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Factsheet – Bathing your new baby

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Factsheet – Bathing your new baby


Written by Alicia Burnett

Midwife, UK

Instagram @_aliciaburnett

Twitter @ABurnett_RM


This fact sheet provides an accessible summary of the evidence around infant bathing. This document aims to help parents understand how to safeguard their baby’s safety while maintaining their infant’s hygiene. This factsheet also provides midwives and health care providers with advice that can be shared with parents to help them protect their newborn babies’ delicate skin.

What does our skin do?

Our skin performs a number of important functions; it helps us detect sensations such as pain and temperature etc, protects us against dehydration, regulates our body temperature, produces vitamin D and protects us from extraneous injuries.1 Our skin’s ability to fulfil these jobs depends upon it remaining hydrated and its pH level remaining balanced, because when babies’ skin becomes dry or has an unbalanced pH, problems including eczema, cradle cap, nappy rash, baby acne and thrush can arise.

Baby’s first bath

When you first bathe your baby is entirely up to you, apart from keeping your baby’s umbilical cord stump as clean and dry as possible until it completely dries up and falls off by the time your baby is around two weeks old, it is normally safe to bathe your baby whenever you are ready to. There is a lack of agreement amongst experts about the best time to bathe your baby for the first time. The World Health Organization (WHO) suggest that parents should wait until their babies are at least 24 hours old before bathing them for the first time, but if your cultural beliefs make bathing your baby before 24 hours has passed necessary, WHO recommend waiting at least 6 hours before the first bath takes place.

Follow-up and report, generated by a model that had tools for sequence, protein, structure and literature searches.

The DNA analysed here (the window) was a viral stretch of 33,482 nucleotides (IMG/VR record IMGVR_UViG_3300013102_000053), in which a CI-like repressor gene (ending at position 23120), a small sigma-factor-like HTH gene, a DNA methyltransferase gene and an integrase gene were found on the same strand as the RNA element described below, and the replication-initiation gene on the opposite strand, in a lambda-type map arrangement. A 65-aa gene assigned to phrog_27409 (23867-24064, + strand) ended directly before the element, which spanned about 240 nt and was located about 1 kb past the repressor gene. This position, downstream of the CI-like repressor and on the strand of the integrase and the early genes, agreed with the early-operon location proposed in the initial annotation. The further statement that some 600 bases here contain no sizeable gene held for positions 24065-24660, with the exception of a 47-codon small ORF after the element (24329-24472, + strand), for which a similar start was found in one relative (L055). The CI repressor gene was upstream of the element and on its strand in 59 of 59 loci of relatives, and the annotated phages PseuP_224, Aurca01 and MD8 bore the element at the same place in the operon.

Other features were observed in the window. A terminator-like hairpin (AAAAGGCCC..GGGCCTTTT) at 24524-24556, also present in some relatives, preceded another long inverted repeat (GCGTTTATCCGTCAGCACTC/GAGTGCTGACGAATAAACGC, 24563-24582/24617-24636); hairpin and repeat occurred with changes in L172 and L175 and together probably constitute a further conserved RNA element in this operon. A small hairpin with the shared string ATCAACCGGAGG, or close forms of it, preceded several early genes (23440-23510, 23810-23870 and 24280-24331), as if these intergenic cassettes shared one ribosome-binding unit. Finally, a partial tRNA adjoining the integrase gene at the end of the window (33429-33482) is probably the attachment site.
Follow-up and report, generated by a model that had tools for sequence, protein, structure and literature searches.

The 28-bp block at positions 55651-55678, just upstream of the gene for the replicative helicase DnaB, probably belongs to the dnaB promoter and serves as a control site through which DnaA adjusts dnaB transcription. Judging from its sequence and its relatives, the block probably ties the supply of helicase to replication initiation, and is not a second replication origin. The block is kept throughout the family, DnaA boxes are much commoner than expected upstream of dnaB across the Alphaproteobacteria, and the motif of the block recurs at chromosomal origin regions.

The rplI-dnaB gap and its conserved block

Topping and tailing

Very young babies usually do not need daily baths, and topping and tailing (restricting bathing to their face, neck, hands and genital area) is often enough to maintain adequate baby hygiene.3 Although it is no longer commonplace for midwives to help parents top and tail their new babies, topping and tailing is often addressed by private or NHS antenatal classes (otherwise known as parentcraft classes). If your antenatal classes do not cover topping and tailing or parentcraft classes are not offered to you, do not hesitate to ask your midwife for advice about topping and tailing your baby prior to being discharged from their care. Health visitors can also provide support with infant hygiene or you can bookmark this Factsheet on your web browser to make the following infant bathing advice easy to find:

  1. Collect everything you need: a bowl of warm water, a clean towel, cotton wool, a clean nappy and clean clothing.
  2. Place your baby on a flat surface, remove all of their clothing apart from their nappy and wrap them in a clean towel.*
  3. Dampen the cotton wool with the water and gently wipe around your baby’s eyes, starting from the inner corner of each eye and using a fresh piece of cotton wool for each eye to prevent spreading any infection from one eye to the other.
  4. Using a new, damp piece of cotton wool, clean around your baby’s ears, then gently pat the area dry with the towel.**